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Levy G1*, Zines Y1, Paz-Levy D2, Zaidin A3, Shemer O1, Beck A1, Pansky M1 1Department of Obstetrics and Gynecology, Assuta University Hospital, Ben-Gurion University of the Negev, Beer-Sheva, Israel 2Department of Obstetrics and Gynecology, Soroka University Medical Center, Ben-Gurion University of the Negev, Beer-Sheva, Israel 3Department of Obstetrics and Gynecology, Kaplan Medical Center, Israel
Corresponding Author: Gil Levy, MD ORCID ID Address: Department of Obstetrics and Gynecology, Assuta University Medical Center, Harefu'a 7, Ashdod, Israel. Received date: 03 July 2020; Accepted date: 20 August 2020; Published date: 29 August 2020
Citation: Levy G, Zines Y, Paz-Levy D, Zaidin A, Shemer O, Beck A, Pansky M. Epidemiology Analysis of Pelvic Floor Medicine Center in Southern Israel Using PFDI-20 and PISQ-12 Quality of Life Questionnaires. Asp Biomed Clin Case Rep. 2020 Aug 29;3(3):191-201.
Copyright © 2020 Levy G, Zines Y, Paz-Levy D, Zaidin A, Shemer O, Beck A, Pansky M. This is an open-access article distributed under the Creative Commons Attribution License, which permits unrestricted use, distribution, and reproduction in any medium provided the original work is properly cited.
Keywords: Pelvic Floor Disorders, Southern Israel, Sexual Issues, Epidemiology, Surveys and Questionnaires, Women’s Health
Abbreviations: PFD: Pelvic Floor Disorders, QOL: Quality of Life, PFDI: Pelvic Floor Distress Inventory, PFIQ: Pelvic Floor Impact Questionnaire, PISQ: Prolapse Urinary Incontinence Sexual Questionnaire, POPDI: Pelvic Organ Prolapse Distress Inventory, UDI: Urinary Distress Inventory, CRAD: Colorectal-Anal Distress Inventory, AUMC: Assuta University Medical Center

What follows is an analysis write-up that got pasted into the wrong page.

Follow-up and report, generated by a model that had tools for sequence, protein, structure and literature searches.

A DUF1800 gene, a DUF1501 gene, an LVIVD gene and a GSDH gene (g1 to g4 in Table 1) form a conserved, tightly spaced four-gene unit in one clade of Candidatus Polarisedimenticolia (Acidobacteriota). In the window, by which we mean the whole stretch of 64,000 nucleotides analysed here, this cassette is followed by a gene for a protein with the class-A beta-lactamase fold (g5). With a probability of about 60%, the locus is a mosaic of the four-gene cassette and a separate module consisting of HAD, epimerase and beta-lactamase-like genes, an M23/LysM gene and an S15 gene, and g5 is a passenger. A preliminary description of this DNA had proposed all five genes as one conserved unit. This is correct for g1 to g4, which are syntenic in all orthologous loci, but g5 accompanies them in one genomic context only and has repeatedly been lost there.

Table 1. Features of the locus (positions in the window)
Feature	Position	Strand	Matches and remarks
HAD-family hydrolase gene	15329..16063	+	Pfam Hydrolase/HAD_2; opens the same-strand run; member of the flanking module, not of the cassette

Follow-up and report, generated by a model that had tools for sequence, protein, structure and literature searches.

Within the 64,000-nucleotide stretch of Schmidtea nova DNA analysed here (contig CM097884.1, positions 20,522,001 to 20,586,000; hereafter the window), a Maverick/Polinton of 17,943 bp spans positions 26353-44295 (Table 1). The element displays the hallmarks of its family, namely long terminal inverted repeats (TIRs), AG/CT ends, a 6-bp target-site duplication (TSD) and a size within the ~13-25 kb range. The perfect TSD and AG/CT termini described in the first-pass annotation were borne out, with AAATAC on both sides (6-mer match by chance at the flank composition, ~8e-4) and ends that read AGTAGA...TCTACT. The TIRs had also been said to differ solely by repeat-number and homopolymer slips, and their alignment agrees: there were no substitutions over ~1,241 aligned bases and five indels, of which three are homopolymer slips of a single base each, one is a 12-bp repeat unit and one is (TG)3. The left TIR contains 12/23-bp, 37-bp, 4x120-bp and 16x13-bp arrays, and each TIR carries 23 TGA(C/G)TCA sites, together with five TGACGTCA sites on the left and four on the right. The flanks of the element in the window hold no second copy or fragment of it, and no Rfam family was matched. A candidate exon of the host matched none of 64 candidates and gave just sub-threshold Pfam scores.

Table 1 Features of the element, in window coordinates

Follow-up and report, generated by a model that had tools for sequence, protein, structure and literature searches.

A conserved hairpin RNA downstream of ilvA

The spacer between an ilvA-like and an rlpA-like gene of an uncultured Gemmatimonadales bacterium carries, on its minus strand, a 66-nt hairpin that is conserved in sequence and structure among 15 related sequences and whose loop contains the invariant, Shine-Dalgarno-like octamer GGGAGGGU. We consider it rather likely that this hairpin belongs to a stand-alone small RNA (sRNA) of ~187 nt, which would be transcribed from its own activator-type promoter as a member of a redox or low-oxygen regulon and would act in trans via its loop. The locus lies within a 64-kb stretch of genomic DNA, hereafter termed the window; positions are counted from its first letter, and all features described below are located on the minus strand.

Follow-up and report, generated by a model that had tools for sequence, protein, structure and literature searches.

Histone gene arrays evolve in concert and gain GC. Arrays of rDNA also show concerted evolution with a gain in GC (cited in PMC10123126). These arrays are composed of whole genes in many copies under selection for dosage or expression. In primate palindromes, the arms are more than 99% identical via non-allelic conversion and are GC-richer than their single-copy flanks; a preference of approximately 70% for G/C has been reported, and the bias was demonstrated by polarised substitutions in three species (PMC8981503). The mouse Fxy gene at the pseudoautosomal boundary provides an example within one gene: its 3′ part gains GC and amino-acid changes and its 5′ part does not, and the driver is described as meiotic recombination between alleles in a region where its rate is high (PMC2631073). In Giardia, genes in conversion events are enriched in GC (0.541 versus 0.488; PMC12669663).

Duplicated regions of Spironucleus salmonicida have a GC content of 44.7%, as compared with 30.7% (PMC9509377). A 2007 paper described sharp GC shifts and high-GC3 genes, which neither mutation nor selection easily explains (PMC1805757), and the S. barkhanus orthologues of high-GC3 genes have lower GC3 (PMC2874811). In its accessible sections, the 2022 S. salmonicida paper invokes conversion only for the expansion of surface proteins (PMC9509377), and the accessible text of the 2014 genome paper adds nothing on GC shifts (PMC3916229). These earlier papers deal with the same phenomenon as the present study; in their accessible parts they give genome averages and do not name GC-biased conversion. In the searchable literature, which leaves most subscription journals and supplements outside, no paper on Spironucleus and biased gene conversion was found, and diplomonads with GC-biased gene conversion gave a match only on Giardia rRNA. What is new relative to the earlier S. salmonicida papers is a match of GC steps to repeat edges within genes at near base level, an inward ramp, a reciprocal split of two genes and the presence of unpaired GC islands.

Aim: In the process of opening a new Pelvic Floor Medicine Unit, we aimed to map the pelvic floor dysfunction and sexual issues using validated quality of life (QOL) questionnaires. Material and Methods: All the patients who attended the Pelvic Floor Medicine Unit clinic in Assuta University Medical Center in Ashdod, Israel, were given a validated Pelvic Floor Distress Inventory 20 (PFDI-20) and Prolapse Urinary Incontinence Sexual Questionnaire 12 (PISQ-12) questionnaires prior to meeting the physician. The patient's age, parity, and route of delivery were collected from the medical record. All data has been statistically analyzed using Kruskal Wallis Test and Mann-Whitney U Test. Results: 647 patients were included in the study, of them 462 filled out the PFDI-20 questionnaires and 221 completed the PISQ-12 questionnaire filling. In the PFDI-20 results, POPDI-6 higher scores were found to be associated with higher parity (p=0.043) and with higher age (p=0.03). CARD-8 scores were found to be significantly associated with cesarean delivery only in patients' history (p=0.023) and with higher age (p=0.05). UDI-6 scores were found significantly associated with older age (p<0.01). PISQ-12 scores were found associated with age (p=0.002), but not with either parity or route of delivery. Conclusions: Using validates questionnaires, we could demonstrate a correlation between parity and age, an association between aging and higher rates of bowel and sexual dysfunction, an association between higher parity and pelvic organ prolapse complaints, and an association between previous cesarean deliveries only and higher rates of bowel disfunction. The use of validated QoL questionnaires for describing the population suffering from PFDs presents an important tool in understanding the epidemiology of PFD in different communities.